1. Apparatus for joining ductile materials including a replaceable bonding tip assembly insertable into a positioning and pressure transferring means,

said bonding tip assembly comprising a pressure member tapered to a tip and having a smooth elongated groove extending along its entire length to said tip,

a holder in cooperating engagement with said pressure member and facing said groove to form a passage for supplying said 'ductile material to said tip and having a facing groove tapered such that an upper portion adjacent said positioning means has a diameter greater than the size of a ductile material and tapering to a point intermediate said tip and said positioning means for facilitating feeding said ductile material between said facing grooves,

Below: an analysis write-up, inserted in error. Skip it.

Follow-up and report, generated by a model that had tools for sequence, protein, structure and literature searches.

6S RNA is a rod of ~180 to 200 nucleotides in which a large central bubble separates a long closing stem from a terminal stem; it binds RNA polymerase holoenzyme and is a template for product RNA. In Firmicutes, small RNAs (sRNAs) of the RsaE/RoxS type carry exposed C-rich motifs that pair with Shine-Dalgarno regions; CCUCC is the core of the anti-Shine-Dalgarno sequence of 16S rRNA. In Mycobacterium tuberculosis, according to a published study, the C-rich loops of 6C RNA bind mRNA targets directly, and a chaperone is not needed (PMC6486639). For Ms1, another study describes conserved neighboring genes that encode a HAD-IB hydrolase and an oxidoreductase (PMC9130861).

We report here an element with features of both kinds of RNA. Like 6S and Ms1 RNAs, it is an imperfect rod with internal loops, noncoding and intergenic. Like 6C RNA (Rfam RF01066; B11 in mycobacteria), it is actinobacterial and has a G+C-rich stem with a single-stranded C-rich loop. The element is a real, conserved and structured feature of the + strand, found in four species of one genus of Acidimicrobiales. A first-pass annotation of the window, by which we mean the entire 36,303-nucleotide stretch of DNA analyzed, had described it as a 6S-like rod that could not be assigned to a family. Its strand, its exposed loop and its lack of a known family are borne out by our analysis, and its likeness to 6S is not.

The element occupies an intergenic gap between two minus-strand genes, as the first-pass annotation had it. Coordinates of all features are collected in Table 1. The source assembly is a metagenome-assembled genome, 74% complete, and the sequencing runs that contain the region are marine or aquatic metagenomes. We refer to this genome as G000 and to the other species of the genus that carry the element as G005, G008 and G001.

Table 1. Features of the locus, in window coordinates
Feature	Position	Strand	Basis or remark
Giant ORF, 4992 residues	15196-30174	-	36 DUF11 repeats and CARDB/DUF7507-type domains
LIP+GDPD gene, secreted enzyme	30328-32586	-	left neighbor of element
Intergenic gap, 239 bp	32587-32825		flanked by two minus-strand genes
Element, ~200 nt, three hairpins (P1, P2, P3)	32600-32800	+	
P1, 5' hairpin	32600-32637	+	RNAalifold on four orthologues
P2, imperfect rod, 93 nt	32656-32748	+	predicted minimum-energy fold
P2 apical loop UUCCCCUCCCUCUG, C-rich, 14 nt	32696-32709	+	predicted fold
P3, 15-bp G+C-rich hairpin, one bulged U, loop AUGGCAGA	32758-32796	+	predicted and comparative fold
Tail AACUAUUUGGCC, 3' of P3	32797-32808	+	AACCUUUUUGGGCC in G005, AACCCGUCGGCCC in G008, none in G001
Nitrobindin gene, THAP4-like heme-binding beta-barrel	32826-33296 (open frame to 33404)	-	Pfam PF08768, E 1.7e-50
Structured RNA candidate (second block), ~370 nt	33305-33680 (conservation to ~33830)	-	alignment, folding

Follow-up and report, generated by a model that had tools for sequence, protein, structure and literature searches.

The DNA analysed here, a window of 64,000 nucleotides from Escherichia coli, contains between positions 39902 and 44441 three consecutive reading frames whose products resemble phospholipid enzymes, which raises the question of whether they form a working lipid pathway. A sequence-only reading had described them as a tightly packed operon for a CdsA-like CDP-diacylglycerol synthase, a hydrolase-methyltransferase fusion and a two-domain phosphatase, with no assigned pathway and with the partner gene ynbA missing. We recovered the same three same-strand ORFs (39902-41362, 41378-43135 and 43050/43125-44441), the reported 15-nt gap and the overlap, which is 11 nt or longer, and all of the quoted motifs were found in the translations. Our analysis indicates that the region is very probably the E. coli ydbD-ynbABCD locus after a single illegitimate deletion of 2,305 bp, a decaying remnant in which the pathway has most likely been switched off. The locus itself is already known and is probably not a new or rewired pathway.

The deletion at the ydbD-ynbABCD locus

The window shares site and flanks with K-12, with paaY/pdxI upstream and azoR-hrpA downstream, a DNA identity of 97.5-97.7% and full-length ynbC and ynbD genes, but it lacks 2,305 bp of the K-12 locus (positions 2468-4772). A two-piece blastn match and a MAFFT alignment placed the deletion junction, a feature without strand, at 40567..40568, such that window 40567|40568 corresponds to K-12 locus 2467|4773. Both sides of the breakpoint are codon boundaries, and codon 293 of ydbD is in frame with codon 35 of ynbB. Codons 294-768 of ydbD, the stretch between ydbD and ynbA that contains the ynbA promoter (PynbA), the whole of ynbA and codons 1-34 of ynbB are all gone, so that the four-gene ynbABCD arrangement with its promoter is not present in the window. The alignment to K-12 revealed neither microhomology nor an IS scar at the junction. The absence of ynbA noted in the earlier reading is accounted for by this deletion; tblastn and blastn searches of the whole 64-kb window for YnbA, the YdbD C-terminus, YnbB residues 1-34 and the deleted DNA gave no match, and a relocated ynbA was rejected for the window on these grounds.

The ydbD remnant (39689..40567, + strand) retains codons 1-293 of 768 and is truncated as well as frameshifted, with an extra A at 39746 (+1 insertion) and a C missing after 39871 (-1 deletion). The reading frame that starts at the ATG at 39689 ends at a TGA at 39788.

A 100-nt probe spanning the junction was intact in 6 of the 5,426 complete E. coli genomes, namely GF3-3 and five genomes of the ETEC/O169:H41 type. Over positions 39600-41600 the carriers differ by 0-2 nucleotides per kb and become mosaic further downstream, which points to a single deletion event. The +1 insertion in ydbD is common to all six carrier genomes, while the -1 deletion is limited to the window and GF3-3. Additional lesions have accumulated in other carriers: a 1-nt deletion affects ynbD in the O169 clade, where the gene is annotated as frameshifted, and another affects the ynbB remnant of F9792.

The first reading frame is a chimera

said tip of said pressure member extending beyond a corresponding end of said holder so as to contact and apply a pressure to said ductile material in a manner such that the holder does not contact said ductile material, and

retaining means for urging said pressure member and said holder against each other and for maintaining the configuration of said facing groove substantially constant.

2. Apparatus for joining ductile material including a positioning member having an opening,

a replaceable bonding tip assembly disposed within said opening and pressure transferring means secured to said positioning member for transmitting pressure therefrom to said bonding tip assembly,

said bonding tip assembly comprising a pressure member tapered to a tip formed of hard material and having an elongated, smooth, V-shaped groove extending its entire length to said tip,

a holder facing said pressure member and said groove and having a corresponding tapered groove with a maximum dimension adjacent said opening and tapering to a point intermediate said opening and said tip, both grooves having smooth surfaces and aligned one with the other,

said tip of said pressure member extending beyond a corresponding end of said holder to contact and apply pressure to said ductile material in a manner such that said holder does not contact said ductile material, and